Osaka halts Serena's record bid to set up final with Brady
Jennifer Brady and Japan's Naomi Osaka to meet in Australian Open final. AFP
Japan's Naomi Osaka brutally halted Serena Williams's latest bid for a record-equalling 24th Grand Slam title as she set up an Australian Open final with Jennifer Brady on Thursday.
Three-time major-winner Osaka once again proved the American's nemesis with a one-sided 6-3, 6-4 win which heightened questions about whether Williams, 39, will ever match Margaret Court's all-time record.
Williams put her hand on her heart as she acknowledged a standing ovation on Rod Laver Arena, and later cut short her post-match press conference in tears, saying: "I'm done."
The American has lost four Grand Slam finals since winning her 23rd in Melbourne in 2017, and victory over Osaka would have given her a golden opportunity against Brady, who will be playing first major decider.
But US Open champion Osaka has never lost a Slam semi-final and after going 0-2 down in the first set, she reeled off five straight games to take charge against a despairing Williams.
"I hit a lot of unforced errors in the first few games, I was just really nervous and scared," said Osaka. "But then I sort of eased my way into it and the biggest thing for me was having fun."
Williams lamented a "big error day" and refused to discuss whether it might have been her last Australian Open. "I don't know," she said, when asked if her salute to the crowd was a farewell. "If I ever say farewell, I wouldn't tell anyone."
Williams's exit was watched by thousands of fans returning after a state-wide snap coronavirus lockdown, a welcome sight in Rod Laver Arena after five days of matches in front of empty seats.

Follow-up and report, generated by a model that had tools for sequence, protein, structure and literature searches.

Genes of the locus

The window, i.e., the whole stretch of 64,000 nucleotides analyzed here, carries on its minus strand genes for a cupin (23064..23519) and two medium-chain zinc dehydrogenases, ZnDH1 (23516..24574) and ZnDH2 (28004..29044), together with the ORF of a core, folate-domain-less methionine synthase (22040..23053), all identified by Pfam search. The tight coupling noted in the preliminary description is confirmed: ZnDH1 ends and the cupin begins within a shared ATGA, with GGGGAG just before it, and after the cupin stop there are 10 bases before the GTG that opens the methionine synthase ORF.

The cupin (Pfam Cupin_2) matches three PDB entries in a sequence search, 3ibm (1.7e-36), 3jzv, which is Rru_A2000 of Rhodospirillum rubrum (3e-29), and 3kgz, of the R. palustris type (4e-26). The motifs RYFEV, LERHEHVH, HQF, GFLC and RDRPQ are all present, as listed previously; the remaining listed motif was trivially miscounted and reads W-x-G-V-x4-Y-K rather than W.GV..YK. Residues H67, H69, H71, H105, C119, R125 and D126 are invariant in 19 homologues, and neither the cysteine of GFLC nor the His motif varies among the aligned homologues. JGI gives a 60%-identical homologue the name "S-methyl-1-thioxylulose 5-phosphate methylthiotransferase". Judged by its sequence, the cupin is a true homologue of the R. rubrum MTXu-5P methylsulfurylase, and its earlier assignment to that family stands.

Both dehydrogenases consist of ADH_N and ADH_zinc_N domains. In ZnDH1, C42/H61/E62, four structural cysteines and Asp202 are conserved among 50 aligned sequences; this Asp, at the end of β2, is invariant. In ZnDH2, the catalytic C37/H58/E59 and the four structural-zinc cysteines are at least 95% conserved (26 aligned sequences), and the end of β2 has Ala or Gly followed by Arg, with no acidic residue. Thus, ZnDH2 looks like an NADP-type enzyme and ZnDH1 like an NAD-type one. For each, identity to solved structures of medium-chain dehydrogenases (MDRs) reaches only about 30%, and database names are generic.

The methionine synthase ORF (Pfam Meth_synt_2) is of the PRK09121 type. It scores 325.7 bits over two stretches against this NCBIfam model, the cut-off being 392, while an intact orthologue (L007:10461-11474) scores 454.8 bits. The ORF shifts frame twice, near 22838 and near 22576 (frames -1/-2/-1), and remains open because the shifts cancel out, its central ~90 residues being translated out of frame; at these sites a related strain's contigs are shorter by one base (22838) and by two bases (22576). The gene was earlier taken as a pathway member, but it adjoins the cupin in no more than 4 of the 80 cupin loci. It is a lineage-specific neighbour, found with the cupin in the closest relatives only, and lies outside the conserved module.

'My legs are shaking'
The Australian Open is the first Covid-era Grand Slam to welcome large numbers of fans after last year's Wimbledon was cancelled, the US Open took place behind closed doors and the French Open was limited to 1,000 a day.
The returning spectators then witnessed more fireworks in Brady's victory over Karolina Muchova, where the American needed five match points before subduing the Czech 25th seed.
America's Brady eventually prevailed 6-4, 3-6, 6-4 in 1hr 55min to reach her debut major final against the formidable Osaka.
"My legs are shaking, my heart is racing," said Brady, 25, who has admitted she hated watching and playing tennis as a child. "My legs felt fresh but they weren't moving. They felt stuck in mud."
In the night match, world number one Novak Djokovic faces an unlikely foe in the men's semi-finals -- Russian qualifier Aslan Karatsev, who is enjoying one of the greatest Grand Slam debuts in history.
Exemplifying the gulf between them, Karatsev, 27, has won 18 Grand Slam sets in his career, while Djokovic, 33, is going for his 18th major title. Vladikavkaz native Karatsev is bidding to become the first player to reach the final on his Grand Slam debut, in just his 19th Tour-level match.
"I try to believe what I'm doing on the court, and it's helped me to win matches," said Karatsev. "I arrive on the court and say, 'Okay, I try to do my best with more belief.'
Djokovic, who is carrying an abdominal injury, has won 13 of his last 14 Grand Slam semi-finals, and is going for a record-extending ninth Australian Open crown. "He doesn't have anything to lose, really," said the Serb of his Russian rival. "He's motivated."